Guess you’re going hungry

My newly turned 9 year old mini man has a stubborn streak rivaling mine! In this case, mine WILL win!

Rayne’s a picky eater. Not in the sense that he’s closed off on what he will eat, but in the sense that he only wants to eat certain things at certain times.

I made eggs for breakfast this morning and when Rayne was called down for breakfast, it was immediately, “what are we having?”

This is an every meal question and its because he’s deciding wether or not he’ll want to eat.

I told him, “it doesn’t matter what were having. It’s breakfast time and if you don’t want to eat now, there’s nothing else until lunch. Are you going to eat or not?”

“What are we having?!”

“Are you going to eat or not Rayne?”

“What are we having?!” In a loud, attitude filled voice!

That doesn’t fly with this mama!

So Rayne has been sent to bed to wait by himself until lunch time.

In our house, the hubbs and I try to enforce and stick to meal and snack time. There’s no snaking all day long whenever you feel like it.

My picky, even defiant, eater will learn his lesson the hard way. Tough love.

If I had an aversion to food like my mini man, I wouldn’t need to worry about swimsuit season diets or workouts!
😉

Do you have a picky eater in your home? Any tips or strategies that work for you?

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7 thoughts on “Guess you’re going hungry

  1. They say that kids will eat what they need, and leave the rest. I don’t know how old we are before we start making decisions whether or not to eat based on personal preferences, over what we need/don’t need. All I know is that I was always picky. Turns out I have fructose malabsorption! When I think back to many of the things I didn’t want to eat, I know it might be because of that- although I didn’t start really showing symptoms other than “picky eating” until my early twenties. Just make sure of what is going on! If it is really that he would rather play than come down for an “unappetizing” dinner, then you definitely have a problem. He doesn’t ever have stomach aches or anything after eating?

    • No problems with food as far as allergies, stomach aches, etc… Like I said, he’s not picky as to only liking a certain food, he actually eats a wide variety of things, it’s just that he only wants what he wants when he wants it. Eggs might’ve been scarfed down one day for breakfast, but the next day they’re not. This mama is not a personal chef cooking to order for a family of 5!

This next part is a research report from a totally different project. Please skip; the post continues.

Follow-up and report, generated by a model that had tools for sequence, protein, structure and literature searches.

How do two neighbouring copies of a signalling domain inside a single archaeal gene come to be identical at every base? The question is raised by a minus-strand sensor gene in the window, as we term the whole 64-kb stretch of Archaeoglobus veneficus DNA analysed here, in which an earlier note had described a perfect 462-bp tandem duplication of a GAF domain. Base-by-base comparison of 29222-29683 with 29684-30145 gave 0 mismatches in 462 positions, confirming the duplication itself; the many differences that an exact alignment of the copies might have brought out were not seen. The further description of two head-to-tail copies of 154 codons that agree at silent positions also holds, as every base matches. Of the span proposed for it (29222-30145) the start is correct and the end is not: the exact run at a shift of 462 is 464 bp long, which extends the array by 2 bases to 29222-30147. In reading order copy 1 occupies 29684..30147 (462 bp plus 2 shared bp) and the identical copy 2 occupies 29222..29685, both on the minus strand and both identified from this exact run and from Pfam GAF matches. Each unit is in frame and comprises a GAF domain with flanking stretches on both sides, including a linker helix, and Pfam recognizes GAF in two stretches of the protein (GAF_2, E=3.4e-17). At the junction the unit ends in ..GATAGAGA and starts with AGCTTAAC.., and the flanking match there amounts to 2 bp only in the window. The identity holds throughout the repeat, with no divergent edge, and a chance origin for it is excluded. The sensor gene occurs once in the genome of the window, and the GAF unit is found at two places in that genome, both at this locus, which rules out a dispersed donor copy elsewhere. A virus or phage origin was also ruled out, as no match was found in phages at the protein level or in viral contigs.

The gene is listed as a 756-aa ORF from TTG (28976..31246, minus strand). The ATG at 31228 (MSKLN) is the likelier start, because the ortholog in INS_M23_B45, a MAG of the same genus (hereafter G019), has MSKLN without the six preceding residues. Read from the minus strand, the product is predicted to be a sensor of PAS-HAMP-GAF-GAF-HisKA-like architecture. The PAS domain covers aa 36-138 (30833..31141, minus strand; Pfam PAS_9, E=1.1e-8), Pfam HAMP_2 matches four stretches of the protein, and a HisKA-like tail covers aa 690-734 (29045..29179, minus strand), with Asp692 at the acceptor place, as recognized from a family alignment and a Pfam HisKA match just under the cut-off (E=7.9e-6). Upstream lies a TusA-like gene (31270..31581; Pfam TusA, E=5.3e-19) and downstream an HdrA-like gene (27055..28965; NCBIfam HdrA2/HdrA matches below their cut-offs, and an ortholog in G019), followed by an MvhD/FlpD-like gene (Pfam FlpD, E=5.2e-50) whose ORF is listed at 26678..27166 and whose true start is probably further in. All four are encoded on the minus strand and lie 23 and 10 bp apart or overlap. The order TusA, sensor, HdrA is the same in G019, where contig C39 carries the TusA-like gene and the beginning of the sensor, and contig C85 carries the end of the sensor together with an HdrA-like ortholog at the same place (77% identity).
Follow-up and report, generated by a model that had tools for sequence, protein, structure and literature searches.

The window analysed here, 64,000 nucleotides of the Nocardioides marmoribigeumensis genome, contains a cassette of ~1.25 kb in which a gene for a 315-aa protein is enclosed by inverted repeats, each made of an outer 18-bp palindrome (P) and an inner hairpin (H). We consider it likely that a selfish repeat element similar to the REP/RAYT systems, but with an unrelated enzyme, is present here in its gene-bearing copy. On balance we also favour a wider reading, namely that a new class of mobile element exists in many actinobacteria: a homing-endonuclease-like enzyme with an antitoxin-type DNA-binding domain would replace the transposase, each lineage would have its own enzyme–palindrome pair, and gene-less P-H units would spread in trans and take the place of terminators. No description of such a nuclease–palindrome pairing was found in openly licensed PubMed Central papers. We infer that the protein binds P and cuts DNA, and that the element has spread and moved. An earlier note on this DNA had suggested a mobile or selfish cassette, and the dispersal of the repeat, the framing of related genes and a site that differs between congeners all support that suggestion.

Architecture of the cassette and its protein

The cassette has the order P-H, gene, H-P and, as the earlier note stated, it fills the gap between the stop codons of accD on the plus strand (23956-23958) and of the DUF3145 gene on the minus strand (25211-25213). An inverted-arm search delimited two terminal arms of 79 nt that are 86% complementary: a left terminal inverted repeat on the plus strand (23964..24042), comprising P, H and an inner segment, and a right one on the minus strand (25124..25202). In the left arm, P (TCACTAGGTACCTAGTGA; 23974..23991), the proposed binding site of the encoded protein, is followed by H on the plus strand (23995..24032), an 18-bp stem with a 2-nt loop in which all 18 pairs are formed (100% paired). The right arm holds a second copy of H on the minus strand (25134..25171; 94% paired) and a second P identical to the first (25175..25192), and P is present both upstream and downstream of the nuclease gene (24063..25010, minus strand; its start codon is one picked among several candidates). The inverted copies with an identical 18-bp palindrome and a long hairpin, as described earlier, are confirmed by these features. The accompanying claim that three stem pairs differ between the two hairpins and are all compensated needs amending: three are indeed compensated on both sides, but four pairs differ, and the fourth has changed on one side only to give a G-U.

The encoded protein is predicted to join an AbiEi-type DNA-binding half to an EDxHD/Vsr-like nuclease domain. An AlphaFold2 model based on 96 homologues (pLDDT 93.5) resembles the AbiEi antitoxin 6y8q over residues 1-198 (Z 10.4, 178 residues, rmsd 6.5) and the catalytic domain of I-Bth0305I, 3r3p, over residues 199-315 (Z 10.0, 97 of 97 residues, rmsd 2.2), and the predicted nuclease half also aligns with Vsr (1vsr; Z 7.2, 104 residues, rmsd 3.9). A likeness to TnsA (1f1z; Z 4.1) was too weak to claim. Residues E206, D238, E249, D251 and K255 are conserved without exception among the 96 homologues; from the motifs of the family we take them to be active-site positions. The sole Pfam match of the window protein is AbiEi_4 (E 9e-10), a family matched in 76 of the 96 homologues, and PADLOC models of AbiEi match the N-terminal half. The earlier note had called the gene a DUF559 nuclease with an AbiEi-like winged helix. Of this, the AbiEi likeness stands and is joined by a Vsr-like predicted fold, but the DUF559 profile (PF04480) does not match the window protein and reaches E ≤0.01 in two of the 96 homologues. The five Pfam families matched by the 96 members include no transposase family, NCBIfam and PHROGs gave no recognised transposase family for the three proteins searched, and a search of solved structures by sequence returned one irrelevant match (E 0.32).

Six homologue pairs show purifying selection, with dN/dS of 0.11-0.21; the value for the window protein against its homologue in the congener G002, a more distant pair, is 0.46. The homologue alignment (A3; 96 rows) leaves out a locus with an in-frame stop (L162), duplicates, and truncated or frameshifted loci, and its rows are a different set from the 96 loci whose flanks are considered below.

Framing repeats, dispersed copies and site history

2. I definitely understand where you are coming from as I’m starting to deal with this a bit with Luke. One week he’ll eat anything placed in from of him. The next week it seems to be some kind of power-struggle.

  3. My boys are for the most part really good eaters. My oldest isn’t a fan of potatoes, but loves salads. My youngest is my “snacker” that I have to constantly remind that it is not snack time and that he has to eat real meals. They get spoiled by their Grandma who only lives a block away. So I have to keep correcting their need to snack after time over there too! When they are hungry, they will eat. If they don’t like what is on the plate in front of them, they don’t have to eat it all. But I do insist they at least take a few bites! I also don’t stop making things they don’t like or make something different for each kids wants.

  4. Good for you! Too many patents nowadays make special meals for their children according to what the child wants which usually results in unhealthy foods or unbalanced meals. Dealing with a fussy eater can be frustrating, I deal with 20 fussy eaters constantly. Luckily, Rayne is at the age where he can help you prepare meals. I find that children are more likely to try new foods or eat the food if they helped prepare it. Would he eat the food if you dyed it blue or green with food coloring? I encourage my preschoolers to politely play with their food. We make shapes with the food or change the color or draw with our utensils in our food. They have to eat what’s on their plate and they have fun while they are doing it. It is also a sneaky way to get a little but more education and fine motor skill development. Family dinig is so important and you’re a great mom to encourage your fussy eater to sit and eat with the family. Just involve him more in preparation and maybe choices like do you want blue eggs or plain eggs and power struggles over food should decrease.

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